The ability to move around and adjust your working environment accordingly also has its benefits. For example, we have been fortunate enough to have some amazing (and rare) weather in Norfolk over the last few weeks. Sometimes it’s nice just to be able to adjust your surroundings and bring the MacBook or iPad outside in the garden or some outside space and continue working there. Sometimes when you need to focus on a specific task, or you are on an important phone conversation, being in an environment where you can think clearly, can be confident and engaging certainly helps, rather than having to block out continuous distractions and background noise of a busy workplace.
I’ve found that I’m a lot more happier being able to balance life and work a bit more. For example, it’s nice being able to have a quick 10-15 minutes away from your work when you need them to maybe compose your thoughts and views on a specific subject or to clear your head. You can grab something to eat as and when you feel like you need it, and feel free to do the odd job that may need doing, such as calling an energy company, pop into town for something, or sorting out an essential task, that you feel you can only do outside your ‘work hours’.
Although it’s not something that we can do safely at the moment, I also love working remotely whilst travelling to see those who you need to see in your respective industries. It’s nice, and equally important to work closer and to learn from and about those who either purchase or produce your products. It goes without saying that trying your best to look after and support your customers and suppliers is absolutely paramount and getting to travel to see them is such an important part of work nowadays for me. I am more than happy with getting up and hitting the road early, and never mind travelling back late. There are so many places nowadays where you can stop along the way to get some work done, and obviously it’s great to have the Bluetooth technology in your car so you can talk and engage with those you need to safely whilst travelling. One of my favourites is Starbucks – when travelling out of Norfolk towards London via the A14, or up the A47 to head to the North, there are a few on the way which usually aren’t to overly busy, where you can set yourself up, grab a coffee and something to eat, and get some good quality work done whilst heading towards or from your meeting.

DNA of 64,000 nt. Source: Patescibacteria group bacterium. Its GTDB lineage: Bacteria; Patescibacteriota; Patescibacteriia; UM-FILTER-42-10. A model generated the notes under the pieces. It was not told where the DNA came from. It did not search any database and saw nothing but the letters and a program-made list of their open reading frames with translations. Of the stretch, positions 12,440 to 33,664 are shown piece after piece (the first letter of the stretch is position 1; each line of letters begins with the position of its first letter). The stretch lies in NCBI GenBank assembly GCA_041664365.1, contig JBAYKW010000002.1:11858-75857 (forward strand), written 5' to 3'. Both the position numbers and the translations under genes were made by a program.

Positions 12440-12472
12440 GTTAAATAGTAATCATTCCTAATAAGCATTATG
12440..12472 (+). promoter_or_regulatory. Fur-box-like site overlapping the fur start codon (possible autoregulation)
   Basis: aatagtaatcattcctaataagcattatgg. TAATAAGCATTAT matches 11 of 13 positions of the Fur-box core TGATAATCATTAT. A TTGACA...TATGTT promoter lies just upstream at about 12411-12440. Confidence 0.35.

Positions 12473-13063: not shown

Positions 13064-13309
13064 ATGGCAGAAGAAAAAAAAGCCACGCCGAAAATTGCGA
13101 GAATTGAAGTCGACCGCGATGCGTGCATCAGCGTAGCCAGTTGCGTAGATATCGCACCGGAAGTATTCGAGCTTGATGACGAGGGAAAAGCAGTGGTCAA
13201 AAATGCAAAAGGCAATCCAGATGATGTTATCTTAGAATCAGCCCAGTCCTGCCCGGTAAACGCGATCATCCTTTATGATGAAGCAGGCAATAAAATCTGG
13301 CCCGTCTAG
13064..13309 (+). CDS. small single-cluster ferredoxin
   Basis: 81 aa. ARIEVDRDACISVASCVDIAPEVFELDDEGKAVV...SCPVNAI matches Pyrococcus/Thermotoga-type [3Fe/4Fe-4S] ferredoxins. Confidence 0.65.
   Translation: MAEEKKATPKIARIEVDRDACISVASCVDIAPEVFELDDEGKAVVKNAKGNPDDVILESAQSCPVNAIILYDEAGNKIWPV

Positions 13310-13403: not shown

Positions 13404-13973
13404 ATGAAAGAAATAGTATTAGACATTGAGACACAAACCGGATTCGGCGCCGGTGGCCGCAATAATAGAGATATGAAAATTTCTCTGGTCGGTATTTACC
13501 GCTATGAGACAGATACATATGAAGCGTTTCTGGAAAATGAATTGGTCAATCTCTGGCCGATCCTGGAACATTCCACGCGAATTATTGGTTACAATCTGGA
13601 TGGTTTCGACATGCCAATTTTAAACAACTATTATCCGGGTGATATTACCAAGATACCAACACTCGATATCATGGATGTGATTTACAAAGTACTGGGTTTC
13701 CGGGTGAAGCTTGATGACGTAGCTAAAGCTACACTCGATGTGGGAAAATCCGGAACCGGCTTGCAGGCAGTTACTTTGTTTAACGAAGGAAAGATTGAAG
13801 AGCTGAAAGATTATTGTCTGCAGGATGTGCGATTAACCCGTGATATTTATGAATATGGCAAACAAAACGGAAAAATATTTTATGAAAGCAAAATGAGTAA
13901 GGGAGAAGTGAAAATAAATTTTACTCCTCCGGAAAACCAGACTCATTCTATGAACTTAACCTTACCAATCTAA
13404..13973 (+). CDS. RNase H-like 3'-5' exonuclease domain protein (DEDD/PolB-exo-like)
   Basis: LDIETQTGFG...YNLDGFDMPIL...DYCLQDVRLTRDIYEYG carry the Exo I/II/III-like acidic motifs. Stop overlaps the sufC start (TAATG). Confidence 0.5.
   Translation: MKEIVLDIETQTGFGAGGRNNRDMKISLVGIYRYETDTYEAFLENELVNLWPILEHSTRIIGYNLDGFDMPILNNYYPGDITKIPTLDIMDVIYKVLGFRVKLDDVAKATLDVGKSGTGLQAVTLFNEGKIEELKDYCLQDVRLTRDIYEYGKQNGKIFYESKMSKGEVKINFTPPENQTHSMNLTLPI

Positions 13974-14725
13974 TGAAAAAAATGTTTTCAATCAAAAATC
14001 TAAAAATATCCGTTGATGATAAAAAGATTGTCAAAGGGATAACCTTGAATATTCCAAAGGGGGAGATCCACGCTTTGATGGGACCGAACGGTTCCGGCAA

Both continuous improvement and learning are a big thing for me and its always something I try and prioritise in everything I do. I always think that no matter what stage we are at, there is always room to continue to learn, develop and improve something. I have found that being able to work remotely in my own environment has allowed me to reflect more on how I’m doing, and to invest more time in myself when necessary, which subsequently has more of a positive effect, not just on my work, but in my life generally. For someone who was diagnosed with depression back in January, I still have a long way to go, but feel that being able to work this way currently has helped bring me a long way personally, in a short space of time.
For many employers out there, remote working is something that is still yet to be embraced, with many still stuck in 1996 where the view can sometimes be taken that if you are not at your desk, you are not working. Many even simply don’t have the belief that productivity will remain or even be increased when staff have the comfortability of working in their own environments, mainly for more established companies.
It’s interesting to see which different ways of working suit others. At the end of the day, we are all different, and what might suit somebody, may not always suit the other person.